Classic World’s Sam Skelton talks The Festival of the Unexceptional and why it must not be spoil with mediocrity.
The Festival of the Unexceptional is one of my favourite events of the motoring calendar. And I’m not going to be very popular when I explain why. It’s because it’s one of few events blissfully free of the classic car world’s common sights – the MGB, the Morris Minor, the Mini, the Triumph Stag and all the rest of those cars you still see on a regular basis. There are so few events where a Nissan Stanza is prized above an 1100, and I think events promoting this level of diversity should be encouraged.
But the problem is that the Festival is now in its fifth year, and has attracted a lot of attention since its beginning on a golf club driving range in 2014. The concours and the parking field are now routinely overbooked, and there’s criticism on the internet from those who unfortunately didn’t make the cut.
Social media is alive with people who think that the organisers ought to go against the wishes of their hosts at Stowe School and allow more parking than has been made available. It’s also alive with people complaining that their cars aren’t in the concours. And even with those who think that the event is attracting the wrong kind of cars.
Let me say, here and now, that as a judge at this event since its inception we want to see the cars which littered street corners a couple of decades ago, and any suggestion that these are not proper classics should be dismissed. But if you’re still in any doubt, I think I’ve developed the perfect criteria for judging whether or not you should enter your pride and joy into the Festival concours. And it’s an alarmingly simple one which takes account of the generational small-mindedness which in itself carved a niche for the Festival in the first place. I like to call it the Rotary Club test.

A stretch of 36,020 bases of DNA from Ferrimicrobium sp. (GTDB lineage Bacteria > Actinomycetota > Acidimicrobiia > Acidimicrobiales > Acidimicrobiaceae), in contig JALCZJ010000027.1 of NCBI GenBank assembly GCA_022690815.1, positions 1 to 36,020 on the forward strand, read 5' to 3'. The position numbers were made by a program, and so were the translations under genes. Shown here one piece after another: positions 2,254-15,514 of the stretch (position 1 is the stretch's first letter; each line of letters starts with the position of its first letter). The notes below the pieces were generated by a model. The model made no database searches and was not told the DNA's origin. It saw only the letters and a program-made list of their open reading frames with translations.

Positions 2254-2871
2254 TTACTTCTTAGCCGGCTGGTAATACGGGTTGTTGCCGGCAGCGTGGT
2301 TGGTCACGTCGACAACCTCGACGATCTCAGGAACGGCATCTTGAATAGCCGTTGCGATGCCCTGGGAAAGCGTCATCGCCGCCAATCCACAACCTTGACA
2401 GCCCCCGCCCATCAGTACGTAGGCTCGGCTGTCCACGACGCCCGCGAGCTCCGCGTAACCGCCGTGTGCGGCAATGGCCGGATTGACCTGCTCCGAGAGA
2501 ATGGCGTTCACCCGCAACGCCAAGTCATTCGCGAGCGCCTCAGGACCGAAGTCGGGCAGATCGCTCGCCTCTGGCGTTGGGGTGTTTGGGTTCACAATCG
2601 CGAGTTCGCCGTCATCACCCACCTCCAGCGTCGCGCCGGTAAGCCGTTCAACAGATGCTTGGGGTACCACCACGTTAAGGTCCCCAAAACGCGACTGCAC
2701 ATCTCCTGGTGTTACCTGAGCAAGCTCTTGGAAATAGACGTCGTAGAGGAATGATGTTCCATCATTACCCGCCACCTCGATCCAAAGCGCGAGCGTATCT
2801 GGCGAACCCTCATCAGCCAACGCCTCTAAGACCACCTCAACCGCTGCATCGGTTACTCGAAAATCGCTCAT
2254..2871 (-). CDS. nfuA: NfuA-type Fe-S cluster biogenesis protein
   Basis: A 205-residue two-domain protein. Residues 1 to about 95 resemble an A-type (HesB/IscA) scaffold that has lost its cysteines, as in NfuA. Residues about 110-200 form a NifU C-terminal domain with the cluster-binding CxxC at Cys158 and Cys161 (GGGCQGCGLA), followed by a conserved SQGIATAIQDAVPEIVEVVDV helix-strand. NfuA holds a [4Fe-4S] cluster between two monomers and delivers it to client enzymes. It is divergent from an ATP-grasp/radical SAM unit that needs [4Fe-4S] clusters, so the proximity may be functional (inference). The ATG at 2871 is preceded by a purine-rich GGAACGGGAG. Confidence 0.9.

Across the nation scores of well-meaning Rotary Clubs, Round Table groups and similar put on classic car shows throughout the summer, in the process raising an impressive amount of money for worthy causes. And you might have noticed that the gates are often manned by people who think that real classic cars stopped with the 1998 tax-exemption freeze. You might even have vented frustration as your Sierra, Metro or your early MX-5 has been directed into the public car park, despite your protestations that you are indeed booked onto the show field. Personal experience with my Montego at one unnamed show in the north suggests that when they finally capitulate and let you onto the field, you get parked in a corner and blocked in where you won’t disturb the owners of ‘real’ classics.
It’s wrong, and we all know it. But these people have begat what I have come to refer to as my Rotary Club test. If the man with the clipboard says no and pushes your classic to public parking, then it’s prime Unexceptional fodder. If he doesn’t think twice about letting you in, then your car probably isn’t right for the Festival. So to the MGB Roadster owner who thought his car was ideal, sorry but you’re at the wrong event. The man in the Peugeot 405 who doesn’t think anyone would be interested – no, we want to see your car there.
Because the Festival of the Unexceptional celebrates those cars which were ubiquitous when new, and apathy has made rare in their old age. Routine doyens of the classic car scene like the Jaguar E-Type are the exact opposite. I wonder if their owners know where to find the public car park?